Track Review

Track Review: Bad Luck // Laura Lang

When I first listened to Laura Lang, I was immediately struck by the sophistication of her music given her youth. With a maturity far beyond her 17 years, the US-based singer-songwriter elegantly weaves poetic lyricism with charming melodies. Featured on The Other Side Reviews, Rising Artists Blog, Obscure Sound, Clout and Dusty Organ, Laura captured critics on a global scale with her music and she continues to do so. The latest addition to her discography is the single ‘Bad Luck’.

Following her single ‘Black Sedan’, Laura has been described as a passionate storyteller connecting with audiences on an intimate level. She continues this passion and intimacy with ‘Bad Luck’ – a song about experiencing toxic relationships. Laura explains that ‘Bad Luck’ is a “…fierce, sad song about falling in and out of relationships that are not good for me. I know I should not be in certain relationships for the right reasons, but I want to be in the relationship for all the wrong reasons…” – something to which most of us can relate.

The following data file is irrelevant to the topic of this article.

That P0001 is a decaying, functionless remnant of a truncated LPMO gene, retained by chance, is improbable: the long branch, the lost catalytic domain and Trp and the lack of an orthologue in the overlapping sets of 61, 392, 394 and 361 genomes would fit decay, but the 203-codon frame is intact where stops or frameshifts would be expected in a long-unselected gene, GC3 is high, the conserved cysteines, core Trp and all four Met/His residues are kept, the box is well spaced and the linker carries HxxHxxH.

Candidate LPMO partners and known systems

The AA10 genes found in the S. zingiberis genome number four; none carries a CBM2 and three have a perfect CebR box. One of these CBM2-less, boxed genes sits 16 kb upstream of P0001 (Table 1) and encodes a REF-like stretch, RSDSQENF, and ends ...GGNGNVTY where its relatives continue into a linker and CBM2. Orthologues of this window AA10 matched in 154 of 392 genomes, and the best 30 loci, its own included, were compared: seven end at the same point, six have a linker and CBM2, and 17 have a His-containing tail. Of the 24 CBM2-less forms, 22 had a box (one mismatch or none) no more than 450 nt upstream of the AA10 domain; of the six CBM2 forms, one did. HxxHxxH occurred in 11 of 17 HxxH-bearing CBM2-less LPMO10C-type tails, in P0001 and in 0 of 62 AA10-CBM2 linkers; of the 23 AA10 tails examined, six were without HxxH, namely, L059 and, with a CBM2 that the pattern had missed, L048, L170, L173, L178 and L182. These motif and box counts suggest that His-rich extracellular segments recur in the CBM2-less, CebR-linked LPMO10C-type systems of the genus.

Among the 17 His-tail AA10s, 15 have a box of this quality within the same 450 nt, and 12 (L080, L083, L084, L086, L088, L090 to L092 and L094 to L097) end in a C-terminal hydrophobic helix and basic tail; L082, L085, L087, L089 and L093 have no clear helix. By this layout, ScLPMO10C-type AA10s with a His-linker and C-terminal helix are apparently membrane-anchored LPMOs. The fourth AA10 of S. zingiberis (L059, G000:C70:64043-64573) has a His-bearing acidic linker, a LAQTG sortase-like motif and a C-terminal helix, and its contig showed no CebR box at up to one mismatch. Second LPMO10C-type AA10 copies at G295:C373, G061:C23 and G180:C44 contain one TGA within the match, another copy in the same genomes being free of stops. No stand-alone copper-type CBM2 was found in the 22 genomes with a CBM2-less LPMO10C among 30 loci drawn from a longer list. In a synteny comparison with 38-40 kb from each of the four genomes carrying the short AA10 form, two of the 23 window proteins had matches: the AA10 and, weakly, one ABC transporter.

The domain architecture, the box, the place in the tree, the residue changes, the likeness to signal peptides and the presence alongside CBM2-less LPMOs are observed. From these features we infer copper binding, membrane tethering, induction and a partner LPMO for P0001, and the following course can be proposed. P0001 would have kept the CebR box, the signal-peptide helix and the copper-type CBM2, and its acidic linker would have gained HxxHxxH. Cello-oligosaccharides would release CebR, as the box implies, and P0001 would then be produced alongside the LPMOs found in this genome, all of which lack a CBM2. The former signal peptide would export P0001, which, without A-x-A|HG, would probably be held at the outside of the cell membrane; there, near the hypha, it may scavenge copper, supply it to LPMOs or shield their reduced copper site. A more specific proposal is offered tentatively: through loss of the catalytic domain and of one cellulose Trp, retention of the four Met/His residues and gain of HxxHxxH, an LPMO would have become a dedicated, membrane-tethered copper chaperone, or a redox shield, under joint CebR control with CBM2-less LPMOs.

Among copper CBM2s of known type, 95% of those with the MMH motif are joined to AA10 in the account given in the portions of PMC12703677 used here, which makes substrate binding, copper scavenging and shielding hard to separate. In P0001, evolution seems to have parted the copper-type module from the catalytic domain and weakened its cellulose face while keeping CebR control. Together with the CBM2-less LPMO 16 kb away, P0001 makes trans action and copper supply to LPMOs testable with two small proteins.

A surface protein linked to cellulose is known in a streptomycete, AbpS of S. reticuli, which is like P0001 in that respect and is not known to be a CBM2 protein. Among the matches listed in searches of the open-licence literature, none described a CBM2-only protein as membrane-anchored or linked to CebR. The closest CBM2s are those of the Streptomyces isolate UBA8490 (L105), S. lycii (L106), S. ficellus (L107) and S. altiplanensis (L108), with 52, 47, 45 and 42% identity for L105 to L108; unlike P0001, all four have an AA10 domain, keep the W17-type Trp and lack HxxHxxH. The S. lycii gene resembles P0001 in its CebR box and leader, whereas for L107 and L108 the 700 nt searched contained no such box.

Unlike ‘Black Sedan’, ‘Bad Luck’ has a stronger rock influence with powerful guitars and pounding drums merging in a hard-hitting arrangement. Interestingly enough, while there is a dynamic blast in her music, a sincerity is heard in the sentimental soundscape. Laura notes her influences as Lana Del Rey and Fiona Apple, and those influences can be heard in the new track. However, while a contemporary alternative rock lilt can be felt, Laura brings an old-school grunge vibe to the song ala Nirvana.

As with Nirvana and Fiona Apple, the mystical melodic instrumentation captures your soul and takes you on a beautiful journey. Surrounded by a hazy ambience, Laura Lang carries you through her tale of romance with superb grace and elegance. With a hint of vulnerability, ‘Bad Luck’ is a discussion of human fragility in the most delicate way. I mentioned sophistication, but in ‘Bad Luck’ Laura adds a dose of innocent naivety that makes Laura far more intriguing than many young artists today.

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